Cyprus: The Island of Two Worlds IV – Salamína
There you can nicely observe the heating system. Columns made of brick are here under whole floor. Between the columns, hot water and air flew making marble warm. Holes made of iron hooks are in the walls. Marble plates were hung upon them. Marble was always scarce on Cyprus. Therefore, they used sandstone and covered it with marble.
Zeus in shape of a swan, or Létó, the mother of Zeus' children, andher daughter Artemis and son Appollo are exampels of mosaics you can see there. Then I go around the aqueduct towards the amphitheater which can host over 15 thousand visitors. Unfortunately, mere half of the theater is gone. Right next to the theater, there is a hippodrome. Once Christianity became the official religion of the Roman empire, it was forbidden for gladiator matches to take place here. However, there was still a need to entertain the people. Therefore, the emperor made up horse races inside the hippodrome.
Salamína was once the capital of Cyprus. Then, however, its actual name was Constantia. Its port was very busy because ships exported copper, salt, and cedar wood from here. The city was well-fortified. It was becoming rich, and they minted their own coins here. However, during the Greek-Persian wars the city was seized by the Persians who demanded ships made of cedar wood to be built for them. I was amazed by Salamina; not even one tenth of the ancient city has been uncovered by the archeologists.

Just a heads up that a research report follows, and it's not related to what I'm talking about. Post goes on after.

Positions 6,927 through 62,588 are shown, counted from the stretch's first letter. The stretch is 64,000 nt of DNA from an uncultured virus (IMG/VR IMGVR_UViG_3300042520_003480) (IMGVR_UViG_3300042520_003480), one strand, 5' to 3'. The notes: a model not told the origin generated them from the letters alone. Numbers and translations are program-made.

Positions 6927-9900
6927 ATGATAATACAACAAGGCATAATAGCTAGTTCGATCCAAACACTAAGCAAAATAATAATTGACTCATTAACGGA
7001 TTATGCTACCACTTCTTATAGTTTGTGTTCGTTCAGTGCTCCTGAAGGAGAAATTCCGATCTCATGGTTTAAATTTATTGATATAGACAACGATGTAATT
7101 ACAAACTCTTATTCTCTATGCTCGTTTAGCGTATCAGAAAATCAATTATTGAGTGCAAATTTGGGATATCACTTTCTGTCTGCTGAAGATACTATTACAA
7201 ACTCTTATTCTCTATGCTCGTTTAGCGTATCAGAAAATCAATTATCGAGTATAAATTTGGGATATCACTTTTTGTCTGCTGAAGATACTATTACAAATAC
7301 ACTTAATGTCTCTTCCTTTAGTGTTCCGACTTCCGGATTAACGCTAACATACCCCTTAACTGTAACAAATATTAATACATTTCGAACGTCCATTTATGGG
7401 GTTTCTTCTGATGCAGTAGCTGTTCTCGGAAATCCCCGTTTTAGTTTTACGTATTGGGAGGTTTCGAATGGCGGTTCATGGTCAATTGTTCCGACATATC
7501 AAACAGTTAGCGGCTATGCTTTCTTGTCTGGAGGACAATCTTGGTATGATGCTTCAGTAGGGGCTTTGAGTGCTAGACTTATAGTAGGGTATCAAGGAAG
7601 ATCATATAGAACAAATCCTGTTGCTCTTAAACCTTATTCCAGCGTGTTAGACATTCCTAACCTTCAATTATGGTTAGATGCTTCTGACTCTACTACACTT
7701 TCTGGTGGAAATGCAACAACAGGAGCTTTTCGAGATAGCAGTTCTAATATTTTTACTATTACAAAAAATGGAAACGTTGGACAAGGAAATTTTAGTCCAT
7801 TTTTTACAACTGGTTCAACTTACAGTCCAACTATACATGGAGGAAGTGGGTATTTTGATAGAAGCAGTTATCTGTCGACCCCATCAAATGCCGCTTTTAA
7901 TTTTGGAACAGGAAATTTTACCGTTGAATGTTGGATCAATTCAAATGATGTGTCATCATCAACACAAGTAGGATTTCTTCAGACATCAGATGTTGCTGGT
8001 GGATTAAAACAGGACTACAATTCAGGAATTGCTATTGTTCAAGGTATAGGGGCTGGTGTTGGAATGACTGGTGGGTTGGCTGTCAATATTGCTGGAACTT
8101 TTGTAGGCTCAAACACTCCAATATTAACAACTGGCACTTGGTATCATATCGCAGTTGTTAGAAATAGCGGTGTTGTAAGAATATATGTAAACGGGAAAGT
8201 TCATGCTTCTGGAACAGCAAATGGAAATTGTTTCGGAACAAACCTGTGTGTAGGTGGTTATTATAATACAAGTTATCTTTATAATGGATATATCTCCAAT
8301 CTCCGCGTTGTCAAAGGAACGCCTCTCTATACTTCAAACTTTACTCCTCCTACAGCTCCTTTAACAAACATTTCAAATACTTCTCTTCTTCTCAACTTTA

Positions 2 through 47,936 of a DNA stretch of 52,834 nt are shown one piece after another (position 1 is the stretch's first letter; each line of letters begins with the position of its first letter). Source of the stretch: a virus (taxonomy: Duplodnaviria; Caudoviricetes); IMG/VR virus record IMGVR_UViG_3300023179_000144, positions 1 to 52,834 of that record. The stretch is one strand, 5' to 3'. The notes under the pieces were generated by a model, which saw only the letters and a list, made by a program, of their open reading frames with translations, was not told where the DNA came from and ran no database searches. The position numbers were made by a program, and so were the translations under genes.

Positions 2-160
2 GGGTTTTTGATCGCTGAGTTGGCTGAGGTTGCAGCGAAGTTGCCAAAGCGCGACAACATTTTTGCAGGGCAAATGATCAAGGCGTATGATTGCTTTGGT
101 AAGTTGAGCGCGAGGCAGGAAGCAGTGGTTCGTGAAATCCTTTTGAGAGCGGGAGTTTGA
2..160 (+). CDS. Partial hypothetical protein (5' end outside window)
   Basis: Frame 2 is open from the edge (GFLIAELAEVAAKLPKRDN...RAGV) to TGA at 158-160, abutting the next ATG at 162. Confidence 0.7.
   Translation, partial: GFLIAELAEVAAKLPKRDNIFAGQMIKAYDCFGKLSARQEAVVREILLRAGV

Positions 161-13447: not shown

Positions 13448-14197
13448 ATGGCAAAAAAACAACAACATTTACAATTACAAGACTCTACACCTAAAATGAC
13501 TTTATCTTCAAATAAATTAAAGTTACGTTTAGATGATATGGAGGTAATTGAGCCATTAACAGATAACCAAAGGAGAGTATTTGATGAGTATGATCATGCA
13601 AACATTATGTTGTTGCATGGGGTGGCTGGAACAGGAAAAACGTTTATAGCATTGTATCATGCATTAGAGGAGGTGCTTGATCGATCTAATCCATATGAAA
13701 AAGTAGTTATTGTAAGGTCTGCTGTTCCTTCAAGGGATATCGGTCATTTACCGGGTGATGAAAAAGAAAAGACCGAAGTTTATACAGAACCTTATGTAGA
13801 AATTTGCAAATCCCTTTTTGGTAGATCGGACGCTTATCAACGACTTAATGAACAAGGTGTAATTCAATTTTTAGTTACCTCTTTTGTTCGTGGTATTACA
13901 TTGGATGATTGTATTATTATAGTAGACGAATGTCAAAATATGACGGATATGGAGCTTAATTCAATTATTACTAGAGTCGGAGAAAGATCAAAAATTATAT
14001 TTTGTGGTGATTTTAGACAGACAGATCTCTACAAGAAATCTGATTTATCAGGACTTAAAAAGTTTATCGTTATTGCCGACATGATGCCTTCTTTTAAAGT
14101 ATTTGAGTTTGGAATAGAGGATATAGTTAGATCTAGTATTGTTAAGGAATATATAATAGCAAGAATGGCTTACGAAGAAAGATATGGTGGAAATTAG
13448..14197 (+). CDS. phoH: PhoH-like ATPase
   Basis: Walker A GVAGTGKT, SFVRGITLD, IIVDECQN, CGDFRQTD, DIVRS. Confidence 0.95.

My next activity is the tour in the St Barnaba church. The church is very beautiful and it operates the Museum of Icons. There is a huge amount of them at one place. Some I recognize evenwithout reading descriptions. There were monk cells on the yard. Today, there is the Archeological Museum inside them. I take a look at ceramic containers. polished bronze mirror, Egyptian glass and toys. There is a small chapel behind the parking lot with a staircase which you can descend. The body of Barnaba was found there holding the St Matthew's gospel. Once a bishop discovered the grave, he travelled to Constantinople to visit Byzantian Emperor Zenon and gifted him the found Gospel. The frescoe looks similar to the ones in Cappadocia, Turkey.
At the parking lot, you can buy nuts, dried fruits, or Cyprian specialty - nuts which while still green are boiled in sweet water (sort of local baclava). Zivania, local alcohol in beautiful glass, is great souvenir.
The Karpaz Peninsula is the matter of next Saturday's article.
Text and photos: Sylvie Halouzková
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